THIS REVIEW CONTAINS A BLOCKED SPOILER ABOUT LAST ISSUE
The conclusion to BATMAN ETERNAL is just around the bend, and things have not only come to a head, but are overflowing as the mastermind behind one of the most complex conspiracies in the history of a city KNOWN for complex conspiracies. The Cluemaster pulled the wool over everyone’s eyes and, in doing so, has Batman at his mercy. But, in spite of the writing team’s ability to make this a more psychologically realistic take on the Bat-Family, what’s a supervillain without some good old fashioned monologuing. And while the trope of the villain who just can’t get it done for want of speechifying, in this case it actually feels earned. This is a character who WOULD absolutely want to lord it over Bats that he got the better of him. And if there’s one thing that Scott Snyder, James Tynion IV, Ray Fawkes, Kyle Higgins and Tim Seeley have been consistently great at for the last 51 (FIFTY ONE!) issues, it’s been crafting characters that feel, if not real, at the very least like they’re doing what they’re doing because of consistent internal motives.
Alvaro Martinez’s pencils on this issue handily takes care of one of its most consistent problems: artistic detail. Clearly with a weekly title allowances must be made and sometimes speed can be prized over quality, but in the case of Martinez we get some deep, detailed characters with some amazing attention to facial features especially. This is another action-light issue, so the emotional beats and impact need to carry the dramatic weight, and Martinez’s pencils do that extremely well. Adding to the impact and weight of every panel of this are the inks of Raul Fernandez and, again, in a mainstream superhero issue that’s light on action, it’s never more important to have fine, sharp details stand out as much as possible. June Chung’s colors breathe life into a city ablaze, contrasting the darkness of night (and the failing power grid) with the brightness of the fire that threatens to consume everything that the Bat-Family has worked to defend.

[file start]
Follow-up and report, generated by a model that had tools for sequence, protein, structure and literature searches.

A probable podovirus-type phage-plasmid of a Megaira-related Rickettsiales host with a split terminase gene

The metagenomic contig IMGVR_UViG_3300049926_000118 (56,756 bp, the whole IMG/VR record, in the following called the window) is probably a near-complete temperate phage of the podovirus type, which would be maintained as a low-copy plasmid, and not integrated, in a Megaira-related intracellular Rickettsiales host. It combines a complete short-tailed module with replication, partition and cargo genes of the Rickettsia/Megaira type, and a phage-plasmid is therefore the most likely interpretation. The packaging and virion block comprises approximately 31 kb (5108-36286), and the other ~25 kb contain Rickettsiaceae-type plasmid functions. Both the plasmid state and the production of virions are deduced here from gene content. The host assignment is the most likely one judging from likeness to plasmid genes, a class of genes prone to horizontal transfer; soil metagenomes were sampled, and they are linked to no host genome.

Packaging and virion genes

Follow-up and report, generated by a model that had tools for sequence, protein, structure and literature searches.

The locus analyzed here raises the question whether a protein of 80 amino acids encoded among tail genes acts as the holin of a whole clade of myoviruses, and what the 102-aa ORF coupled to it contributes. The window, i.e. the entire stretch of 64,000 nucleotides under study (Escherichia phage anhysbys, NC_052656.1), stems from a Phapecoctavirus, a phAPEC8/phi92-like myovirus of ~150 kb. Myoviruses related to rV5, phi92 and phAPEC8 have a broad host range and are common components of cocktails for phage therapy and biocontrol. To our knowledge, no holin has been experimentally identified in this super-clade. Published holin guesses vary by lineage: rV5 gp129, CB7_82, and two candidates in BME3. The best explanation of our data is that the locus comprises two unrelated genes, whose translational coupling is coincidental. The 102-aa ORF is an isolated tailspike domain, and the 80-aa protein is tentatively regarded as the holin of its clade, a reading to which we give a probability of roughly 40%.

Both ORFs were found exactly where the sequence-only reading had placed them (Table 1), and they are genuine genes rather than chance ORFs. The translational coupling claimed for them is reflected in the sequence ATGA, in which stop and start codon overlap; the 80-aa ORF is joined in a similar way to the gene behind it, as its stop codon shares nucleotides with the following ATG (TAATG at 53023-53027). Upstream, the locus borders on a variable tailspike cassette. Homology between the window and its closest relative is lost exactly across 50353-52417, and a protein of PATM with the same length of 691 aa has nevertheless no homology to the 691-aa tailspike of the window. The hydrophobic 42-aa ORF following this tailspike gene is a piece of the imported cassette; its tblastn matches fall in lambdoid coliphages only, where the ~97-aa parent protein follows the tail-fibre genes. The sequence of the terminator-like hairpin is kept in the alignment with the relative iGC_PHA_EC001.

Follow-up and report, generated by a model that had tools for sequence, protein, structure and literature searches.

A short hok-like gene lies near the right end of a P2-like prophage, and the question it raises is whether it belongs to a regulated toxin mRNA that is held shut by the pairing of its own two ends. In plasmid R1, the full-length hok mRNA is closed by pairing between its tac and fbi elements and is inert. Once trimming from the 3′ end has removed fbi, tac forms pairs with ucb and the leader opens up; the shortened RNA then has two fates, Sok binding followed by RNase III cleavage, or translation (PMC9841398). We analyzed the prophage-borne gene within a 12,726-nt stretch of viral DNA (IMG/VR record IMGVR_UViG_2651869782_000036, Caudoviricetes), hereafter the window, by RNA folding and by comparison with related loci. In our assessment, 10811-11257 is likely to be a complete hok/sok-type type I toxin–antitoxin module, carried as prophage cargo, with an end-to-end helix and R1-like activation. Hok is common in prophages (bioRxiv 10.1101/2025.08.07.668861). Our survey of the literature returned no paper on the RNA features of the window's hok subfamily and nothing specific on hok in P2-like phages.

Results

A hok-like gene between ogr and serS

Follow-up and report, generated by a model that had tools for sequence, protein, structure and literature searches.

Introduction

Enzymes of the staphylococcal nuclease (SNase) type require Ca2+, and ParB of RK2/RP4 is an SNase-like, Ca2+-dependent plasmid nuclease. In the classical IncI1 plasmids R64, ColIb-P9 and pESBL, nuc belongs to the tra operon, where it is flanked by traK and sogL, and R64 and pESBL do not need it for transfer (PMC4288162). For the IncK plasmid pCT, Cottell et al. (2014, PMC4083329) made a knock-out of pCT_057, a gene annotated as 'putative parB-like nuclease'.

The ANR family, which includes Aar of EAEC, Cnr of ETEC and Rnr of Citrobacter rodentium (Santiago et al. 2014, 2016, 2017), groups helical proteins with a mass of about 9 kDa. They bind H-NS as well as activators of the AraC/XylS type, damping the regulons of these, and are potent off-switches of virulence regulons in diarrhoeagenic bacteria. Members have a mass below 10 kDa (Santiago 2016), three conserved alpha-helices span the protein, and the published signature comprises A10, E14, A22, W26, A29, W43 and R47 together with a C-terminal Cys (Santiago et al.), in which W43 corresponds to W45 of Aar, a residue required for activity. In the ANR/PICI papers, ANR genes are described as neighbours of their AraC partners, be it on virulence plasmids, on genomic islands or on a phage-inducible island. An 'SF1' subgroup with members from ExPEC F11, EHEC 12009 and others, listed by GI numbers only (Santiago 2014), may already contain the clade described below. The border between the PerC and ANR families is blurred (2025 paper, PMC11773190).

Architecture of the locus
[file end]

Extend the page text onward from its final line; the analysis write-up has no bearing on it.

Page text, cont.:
Stephanie Brown takes an odd character turn in this, and it’s one of the few times in this entire series where it feels completely unearned. It’s clear where that turn is going to lead her, but only because of narrative convention, not because of any on-panel indication.
There’s a tremendous twist at the end of the issue, and while the twist is great, the character revealed has a tweaked design that is not as effective nor evocative as the last one the character was seen in.
To reiterate: the twist at the end of this issue is a phenomenal one that pays off longtime readers of recent Batman stories, but even people who jumped on with ETERNAL can appreciate it on a visceral, basic level which is one of the hallmarks of a truly great twist. Another great hallmark is that it’s a wonderful payoff that makes total narrative sense, especially in the long-term. The occasional speed bump cannot derail a story this powerful and this effective, and this issue continues the consistency of the overall title.